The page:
Ad 6

The New York Times
Date of first publication: 
How many people did it take to put Marlboros 'In the Bedroom'?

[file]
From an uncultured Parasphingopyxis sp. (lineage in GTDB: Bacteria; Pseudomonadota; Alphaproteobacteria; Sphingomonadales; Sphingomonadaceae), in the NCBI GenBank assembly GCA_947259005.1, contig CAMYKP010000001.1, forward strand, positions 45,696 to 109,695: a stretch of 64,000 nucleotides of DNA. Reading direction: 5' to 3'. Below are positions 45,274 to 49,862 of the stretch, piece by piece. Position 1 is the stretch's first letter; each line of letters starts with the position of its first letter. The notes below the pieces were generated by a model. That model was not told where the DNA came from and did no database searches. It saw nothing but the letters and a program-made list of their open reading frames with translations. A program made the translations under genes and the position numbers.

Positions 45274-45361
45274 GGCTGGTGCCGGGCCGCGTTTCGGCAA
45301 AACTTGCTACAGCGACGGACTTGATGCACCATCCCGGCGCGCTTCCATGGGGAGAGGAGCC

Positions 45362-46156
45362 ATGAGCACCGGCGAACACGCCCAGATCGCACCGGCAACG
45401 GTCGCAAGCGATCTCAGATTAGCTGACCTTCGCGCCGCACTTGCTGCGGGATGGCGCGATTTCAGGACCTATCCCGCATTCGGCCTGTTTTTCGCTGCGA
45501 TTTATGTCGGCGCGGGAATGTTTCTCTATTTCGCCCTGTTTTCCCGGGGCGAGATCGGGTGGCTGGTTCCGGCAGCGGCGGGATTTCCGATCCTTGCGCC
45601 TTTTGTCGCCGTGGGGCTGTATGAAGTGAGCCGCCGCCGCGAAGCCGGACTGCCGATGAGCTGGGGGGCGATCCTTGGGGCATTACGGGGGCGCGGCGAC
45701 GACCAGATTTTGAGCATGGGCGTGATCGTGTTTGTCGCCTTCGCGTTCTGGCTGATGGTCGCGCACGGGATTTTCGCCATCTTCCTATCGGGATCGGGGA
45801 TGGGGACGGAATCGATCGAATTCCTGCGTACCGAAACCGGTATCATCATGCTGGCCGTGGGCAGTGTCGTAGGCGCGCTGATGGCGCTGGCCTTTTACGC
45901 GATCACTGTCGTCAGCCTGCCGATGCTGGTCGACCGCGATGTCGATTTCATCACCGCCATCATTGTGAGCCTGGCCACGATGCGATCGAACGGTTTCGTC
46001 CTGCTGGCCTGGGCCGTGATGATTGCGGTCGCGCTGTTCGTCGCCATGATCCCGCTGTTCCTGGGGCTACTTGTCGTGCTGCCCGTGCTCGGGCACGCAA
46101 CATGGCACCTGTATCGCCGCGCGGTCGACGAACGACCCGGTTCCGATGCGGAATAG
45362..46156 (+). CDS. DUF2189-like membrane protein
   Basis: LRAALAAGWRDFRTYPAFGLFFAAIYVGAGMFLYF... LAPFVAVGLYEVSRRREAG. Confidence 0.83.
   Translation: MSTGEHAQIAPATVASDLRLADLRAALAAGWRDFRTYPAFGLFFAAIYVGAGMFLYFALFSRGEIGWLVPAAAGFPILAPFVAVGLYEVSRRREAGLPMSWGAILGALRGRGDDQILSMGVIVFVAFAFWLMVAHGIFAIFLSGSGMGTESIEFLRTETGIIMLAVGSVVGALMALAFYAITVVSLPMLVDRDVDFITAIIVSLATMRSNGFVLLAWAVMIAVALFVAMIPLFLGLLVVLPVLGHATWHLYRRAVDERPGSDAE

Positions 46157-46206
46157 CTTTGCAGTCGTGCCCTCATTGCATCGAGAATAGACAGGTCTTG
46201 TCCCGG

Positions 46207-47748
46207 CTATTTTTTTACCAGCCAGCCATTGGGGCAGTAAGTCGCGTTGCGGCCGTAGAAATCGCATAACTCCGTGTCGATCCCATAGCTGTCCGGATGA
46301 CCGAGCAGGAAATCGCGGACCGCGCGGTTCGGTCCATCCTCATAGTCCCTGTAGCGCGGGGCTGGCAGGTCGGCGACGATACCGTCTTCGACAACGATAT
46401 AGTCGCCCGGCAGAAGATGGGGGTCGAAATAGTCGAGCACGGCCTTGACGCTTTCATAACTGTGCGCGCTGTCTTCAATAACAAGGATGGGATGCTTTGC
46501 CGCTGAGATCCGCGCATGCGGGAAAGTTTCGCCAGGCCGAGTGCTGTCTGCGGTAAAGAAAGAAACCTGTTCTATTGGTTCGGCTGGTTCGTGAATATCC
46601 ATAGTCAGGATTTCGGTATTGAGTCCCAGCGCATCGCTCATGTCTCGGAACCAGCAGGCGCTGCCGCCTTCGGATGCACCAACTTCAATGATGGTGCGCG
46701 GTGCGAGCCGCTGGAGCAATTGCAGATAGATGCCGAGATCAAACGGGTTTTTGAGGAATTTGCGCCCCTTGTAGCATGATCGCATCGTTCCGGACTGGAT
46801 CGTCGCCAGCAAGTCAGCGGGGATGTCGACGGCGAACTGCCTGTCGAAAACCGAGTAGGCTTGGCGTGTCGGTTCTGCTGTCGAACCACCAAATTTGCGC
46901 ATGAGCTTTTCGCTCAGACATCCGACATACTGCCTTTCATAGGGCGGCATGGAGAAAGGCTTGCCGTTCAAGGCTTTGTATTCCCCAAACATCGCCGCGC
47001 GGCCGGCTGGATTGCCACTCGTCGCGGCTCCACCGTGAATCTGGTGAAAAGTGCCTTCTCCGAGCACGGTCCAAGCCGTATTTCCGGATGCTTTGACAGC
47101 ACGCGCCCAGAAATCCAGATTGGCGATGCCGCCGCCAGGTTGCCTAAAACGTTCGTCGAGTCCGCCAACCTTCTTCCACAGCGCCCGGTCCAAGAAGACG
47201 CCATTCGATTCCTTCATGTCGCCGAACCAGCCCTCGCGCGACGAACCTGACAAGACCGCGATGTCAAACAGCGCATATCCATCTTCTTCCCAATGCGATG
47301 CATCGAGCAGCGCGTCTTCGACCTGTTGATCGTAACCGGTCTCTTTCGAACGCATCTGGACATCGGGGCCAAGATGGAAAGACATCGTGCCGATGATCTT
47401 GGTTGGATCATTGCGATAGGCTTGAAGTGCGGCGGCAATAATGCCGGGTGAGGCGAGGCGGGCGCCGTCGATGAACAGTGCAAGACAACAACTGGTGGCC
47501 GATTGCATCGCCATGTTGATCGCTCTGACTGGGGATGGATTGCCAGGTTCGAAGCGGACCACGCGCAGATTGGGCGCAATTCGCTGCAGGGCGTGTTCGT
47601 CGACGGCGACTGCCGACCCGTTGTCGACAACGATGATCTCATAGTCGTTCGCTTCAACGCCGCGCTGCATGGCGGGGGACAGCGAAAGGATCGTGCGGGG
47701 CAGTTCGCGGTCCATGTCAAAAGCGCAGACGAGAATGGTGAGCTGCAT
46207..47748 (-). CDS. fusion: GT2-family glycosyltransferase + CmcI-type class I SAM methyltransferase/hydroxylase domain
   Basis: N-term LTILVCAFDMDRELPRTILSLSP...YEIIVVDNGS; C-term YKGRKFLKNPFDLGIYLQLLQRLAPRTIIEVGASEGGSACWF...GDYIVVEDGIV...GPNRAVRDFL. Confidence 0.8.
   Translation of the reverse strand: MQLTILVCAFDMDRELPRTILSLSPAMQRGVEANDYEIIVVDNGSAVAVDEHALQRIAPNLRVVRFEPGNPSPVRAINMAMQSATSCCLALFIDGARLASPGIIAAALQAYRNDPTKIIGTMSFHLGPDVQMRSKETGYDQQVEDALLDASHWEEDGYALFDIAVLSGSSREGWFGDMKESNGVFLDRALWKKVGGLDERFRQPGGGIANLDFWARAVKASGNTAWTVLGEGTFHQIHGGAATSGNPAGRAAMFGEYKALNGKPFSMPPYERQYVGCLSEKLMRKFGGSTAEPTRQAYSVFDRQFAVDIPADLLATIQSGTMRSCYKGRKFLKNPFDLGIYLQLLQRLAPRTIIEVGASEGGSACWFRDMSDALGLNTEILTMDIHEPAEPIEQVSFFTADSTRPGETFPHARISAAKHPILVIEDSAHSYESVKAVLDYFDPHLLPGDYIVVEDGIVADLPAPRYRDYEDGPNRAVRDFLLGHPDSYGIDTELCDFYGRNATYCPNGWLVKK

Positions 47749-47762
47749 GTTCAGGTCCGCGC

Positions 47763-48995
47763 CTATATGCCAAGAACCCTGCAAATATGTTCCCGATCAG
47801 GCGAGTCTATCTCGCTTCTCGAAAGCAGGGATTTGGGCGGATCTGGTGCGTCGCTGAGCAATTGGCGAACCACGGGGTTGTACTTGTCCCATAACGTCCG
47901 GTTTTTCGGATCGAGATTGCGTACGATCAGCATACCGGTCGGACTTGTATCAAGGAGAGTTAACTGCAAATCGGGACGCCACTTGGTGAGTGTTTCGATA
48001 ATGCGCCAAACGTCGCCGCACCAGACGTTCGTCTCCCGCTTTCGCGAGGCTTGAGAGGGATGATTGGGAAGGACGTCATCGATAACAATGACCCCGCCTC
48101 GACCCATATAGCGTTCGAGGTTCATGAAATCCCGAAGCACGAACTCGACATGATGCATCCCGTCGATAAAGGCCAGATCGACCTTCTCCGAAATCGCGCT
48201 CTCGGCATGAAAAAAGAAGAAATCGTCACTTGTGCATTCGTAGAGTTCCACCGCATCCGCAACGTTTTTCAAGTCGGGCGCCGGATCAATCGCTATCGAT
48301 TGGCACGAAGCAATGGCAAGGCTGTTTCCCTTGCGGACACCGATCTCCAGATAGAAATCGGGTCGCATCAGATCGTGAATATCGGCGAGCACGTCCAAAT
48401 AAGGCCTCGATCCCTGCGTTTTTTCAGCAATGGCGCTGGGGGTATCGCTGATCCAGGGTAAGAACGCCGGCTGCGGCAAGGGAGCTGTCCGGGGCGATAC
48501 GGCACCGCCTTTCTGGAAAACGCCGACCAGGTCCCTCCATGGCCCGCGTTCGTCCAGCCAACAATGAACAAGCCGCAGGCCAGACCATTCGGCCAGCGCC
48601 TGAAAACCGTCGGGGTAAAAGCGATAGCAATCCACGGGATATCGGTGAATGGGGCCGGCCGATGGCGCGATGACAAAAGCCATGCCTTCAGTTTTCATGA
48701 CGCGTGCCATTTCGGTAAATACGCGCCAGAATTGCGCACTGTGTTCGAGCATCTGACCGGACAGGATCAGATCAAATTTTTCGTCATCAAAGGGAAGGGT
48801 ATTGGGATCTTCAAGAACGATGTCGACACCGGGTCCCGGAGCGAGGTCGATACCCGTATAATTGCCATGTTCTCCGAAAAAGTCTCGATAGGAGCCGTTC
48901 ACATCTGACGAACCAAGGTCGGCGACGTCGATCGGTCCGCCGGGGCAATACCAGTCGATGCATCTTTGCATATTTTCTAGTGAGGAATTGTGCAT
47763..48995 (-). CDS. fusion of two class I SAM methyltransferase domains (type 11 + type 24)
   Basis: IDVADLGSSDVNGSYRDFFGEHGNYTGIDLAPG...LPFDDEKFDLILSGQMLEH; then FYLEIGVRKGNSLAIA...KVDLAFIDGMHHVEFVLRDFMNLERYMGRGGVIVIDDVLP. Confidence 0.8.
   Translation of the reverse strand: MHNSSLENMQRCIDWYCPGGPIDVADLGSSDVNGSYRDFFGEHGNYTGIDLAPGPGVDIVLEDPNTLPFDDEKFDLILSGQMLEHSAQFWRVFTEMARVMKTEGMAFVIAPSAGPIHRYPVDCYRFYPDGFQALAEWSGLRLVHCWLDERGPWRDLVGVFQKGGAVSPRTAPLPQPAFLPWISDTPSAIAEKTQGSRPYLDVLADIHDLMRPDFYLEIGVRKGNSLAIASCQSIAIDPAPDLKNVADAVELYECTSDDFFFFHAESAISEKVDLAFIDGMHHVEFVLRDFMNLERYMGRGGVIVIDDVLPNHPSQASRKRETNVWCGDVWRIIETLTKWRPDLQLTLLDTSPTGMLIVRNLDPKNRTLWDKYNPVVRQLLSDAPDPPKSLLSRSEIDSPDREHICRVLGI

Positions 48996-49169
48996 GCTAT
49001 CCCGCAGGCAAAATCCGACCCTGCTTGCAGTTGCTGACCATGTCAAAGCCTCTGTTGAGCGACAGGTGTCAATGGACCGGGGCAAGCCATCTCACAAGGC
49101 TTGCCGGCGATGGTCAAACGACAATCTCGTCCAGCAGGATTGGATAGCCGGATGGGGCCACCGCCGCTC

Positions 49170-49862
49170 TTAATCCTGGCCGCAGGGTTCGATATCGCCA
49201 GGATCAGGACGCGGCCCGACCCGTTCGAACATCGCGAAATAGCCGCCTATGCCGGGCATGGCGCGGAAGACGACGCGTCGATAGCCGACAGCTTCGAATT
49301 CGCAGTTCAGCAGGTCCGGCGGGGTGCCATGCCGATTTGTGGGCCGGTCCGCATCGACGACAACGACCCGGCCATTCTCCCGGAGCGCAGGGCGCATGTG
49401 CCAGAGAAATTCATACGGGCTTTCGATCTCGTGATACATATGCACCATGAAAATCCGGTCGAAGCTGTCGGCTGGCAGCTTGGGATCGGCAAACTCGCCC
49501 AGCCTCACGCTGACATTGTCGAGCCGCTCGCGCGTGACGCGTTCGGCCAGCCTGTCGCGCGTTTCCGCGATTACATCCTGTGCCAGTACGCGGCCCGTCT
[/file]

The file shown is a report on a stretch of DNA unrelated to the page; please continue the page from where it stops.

How many people did it take to put Marlboros In the Bedroom? Sissy Spacek co-stars with a Marlboro in the critically-acclaimed "independent" film In the Bedroom. If we're supposed to ignore repeated brand-name references, why are they in the movie at all? Widely praised for its artful depiction of family tragedy, Todd Field's In the Bedroom is equally remarkable for gratuitously promoting Marlboro brand cigarettes on screen and in dialogue. Why would a cash-strapped independent do a favor for Philip Morris, which made $10 billion off tobacco sales last year? Product placement is no secret in the movie industry, but even savvy ticket-buyers aren't privy to the details. So if the stars of In the Bedroom (Greenestreet/Good Machine/Miramax) chat about whether a "comfortable" new Subaru is a four-wheel-drive or an SUV, and the vehicle shows up in the next scene, all we can do is ask if somebody on the production made a deal. And if a student hawking Kit Kat bars, shown in close-up, interrupts a ferocious scene between husband and wife, audiences can only wonder if it's paid advertising or a red herring. But when star Sissy Spacek puffs the Marlboro brand on screen, and Miramax distributes a publicity still of her smoking, more serious questions arise. Did the gifted Sissy Spacek really need Marlboros to get into character as Ruth? As working-class Natalie, Marisa Tomei also smokes in one scene, but she's not required to endorse a brand. In "Killings," the taut 1970s short story that Todd Field expanded into this two-hour-plus feature film, author Andre Dubus noted Ruth smoking, but he saw no need to drop a brand name. A full generation later (the film is set in the late 1990s) the well-educated, upper-middle-class character played by Spacek would almost never smoke in reality. So much for naturalism. Smoldering, veiled, a Lady Macbeth filled with death wishes, whatever the writer-director had in mind, Spacek is much too skilled an artist to fall back on what Stella Adler called "cigarette acting." Yet Ruth not only chain smokes, she broods over a Marlboro pack. In another crucial scene, she specifically asks a grocer for "Marlboro Lights." Ruth's husband Matt (Tom Wilkinson), struggling to talk to Natalie, is interrupted once again-by a man off the street who demands a pack of "Marlboro Reds." Is this sloppy writing, sophomoric symbolism, corruption or cluelessness? Tobacco company files show they've offered hundreds of thousands of dollars to place their brands in movies and have long used stars to glamorize smoking. Pressed by Congress, Big Tobacco said it halted Hollywood payola in 1989, yet on-screen smoking by lead actors has kept climbing. So long as no character sickens or dies from smoking, the giant tobacco companies don't care which characters smoke or what their "motivation" is. The marketing goal is simply to keep smoking visible. Bottom line? In the Bedroom will dramatize smoking and glamorize the Marlboro brand by associating it with a star of Spacek's stature each time this "independent" labor of love hits a movie or video screen for decades to come. With TV ads banned, Big Tobacco kills for this kind of promotional coup. The industry's 2001 death toll: 480,000 Americans, 4 million worldwide. If filmmakers believe smoking is essential to tell a story, so be it. This isn't about censorship. But what a shame this otherwise admirable film poses moral questions it never intended. We urge U.S. filmmakers who portray smoking to: Roll an on-screen credit certifying that nobody on the production has accepted anything of value from any tobacco company, its agents or fronts. Run strong anti-tobacco ads in front of smoking movies. Put them on tapes and DVDs, too. Strong spots are proven to immunize audiences. Quit identifying tobacco brands-in the background or in action. Brand names are unnecessary. Rate any smoking movie "R." While this may identify smoking with maturity, it should give producers pause.
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